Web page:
513-984-3500
info@cincinnatikidneydocs.com
01
Jul

CKD lab tests during COVID-19 – know your risk

social-distancing-in-lab

As a chronic kidney disease patient, routine trips for blood and urine tests are part of your life. With recent spikes in COVID-19 cases around the tri-state, it’s natural to feel uneasy about the safety of getting these labs done in-person. Being aware of the risks and benefits can help you feel more at ease and start a conversation with your care team about how to manage your CKD during the pandemic.

Importance of routine testing

Your Nephrology Associates of Greater Cincinnati care team believes in the importance of detecting and treating chronic kidney disease early. Routine blood and urine tests allow your nephrologist to keep a close eye on the progression of the disease and effectiveness of the treatment plan.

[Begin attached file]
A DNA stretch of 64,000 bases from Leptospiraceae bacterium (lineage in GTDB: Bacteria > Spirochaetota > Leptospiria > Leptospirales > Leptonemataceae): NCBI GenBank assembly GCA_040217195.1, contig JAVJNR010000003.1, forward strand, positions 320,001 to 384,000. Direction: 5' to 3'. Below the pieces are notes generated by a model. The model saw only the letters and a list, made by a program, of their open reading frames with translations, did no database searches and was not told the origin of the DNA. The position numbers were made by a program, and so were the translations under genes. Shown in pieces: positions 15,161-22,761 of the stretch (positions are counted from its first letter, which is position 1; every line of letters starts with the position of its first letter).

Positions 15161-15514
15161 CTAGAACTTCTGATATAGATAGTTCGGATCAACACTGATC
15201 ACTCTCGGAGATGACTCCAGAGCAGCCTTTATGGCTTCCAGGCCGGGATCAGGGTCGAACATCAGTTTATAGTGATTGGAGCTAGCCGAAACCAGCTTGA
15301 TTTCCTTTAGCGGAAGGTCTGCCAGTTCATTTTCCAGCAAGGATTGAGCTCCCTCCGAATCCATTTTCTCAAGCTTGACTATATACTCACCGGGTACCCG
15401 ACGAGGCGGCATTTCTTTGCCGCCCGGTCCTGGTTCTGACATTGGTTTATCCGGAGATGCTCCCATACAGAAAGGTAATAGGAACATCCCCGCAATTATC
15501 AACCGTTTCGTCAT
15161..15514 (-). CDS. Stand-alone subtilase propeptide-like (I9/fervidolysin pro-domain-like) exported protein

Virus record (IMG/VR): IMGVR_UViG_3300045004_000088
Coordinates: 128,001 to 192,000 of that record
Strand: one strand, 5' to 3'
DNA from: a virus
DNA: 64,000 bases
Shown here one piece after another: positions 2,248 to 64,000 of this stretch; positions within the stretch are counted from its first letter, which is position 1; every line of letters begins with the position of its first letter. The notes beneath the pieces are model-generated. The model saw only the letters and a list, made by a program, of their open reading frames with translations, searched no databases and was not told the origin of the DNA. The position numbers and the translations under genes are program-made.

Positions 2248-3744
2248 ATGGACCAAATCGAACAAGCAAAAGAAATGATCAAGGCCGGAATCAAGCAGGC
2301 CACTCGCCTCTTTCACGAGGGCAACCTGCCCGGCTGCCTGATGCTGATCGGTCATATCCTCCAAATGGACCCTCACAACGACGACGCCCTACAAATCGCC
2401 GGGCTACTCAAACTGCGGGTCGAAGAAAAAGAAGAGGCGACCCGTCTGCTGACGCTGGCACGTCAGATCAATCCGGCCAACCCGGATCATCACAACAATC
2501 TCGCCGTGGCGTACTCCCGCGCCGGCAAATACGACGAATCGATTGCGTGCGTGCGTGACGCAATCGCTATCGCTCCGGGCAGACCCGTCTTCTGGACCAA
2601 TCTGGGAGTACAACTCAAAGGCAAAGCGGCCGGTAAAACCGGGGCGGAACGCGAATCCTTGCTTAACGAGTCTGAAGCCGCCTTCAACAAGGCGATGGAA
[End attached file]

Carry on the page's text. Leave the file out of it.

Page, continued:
Risks versus benefits

The CDC determined that CKD patients are among high-risk groups for contracting COVID-19. Any activities with the potential for human contact, like coming in for routine lab tests, have some degree of risk. Talk to your nephrologist about the risks versus the benefits of in-person lab testing. In some cases, your risk of complications from CKD is greater than the risk of potential coronavirus exposure. This will ultimately be a decision you make with your doctor based on your overall health and comfort level.

Safety measures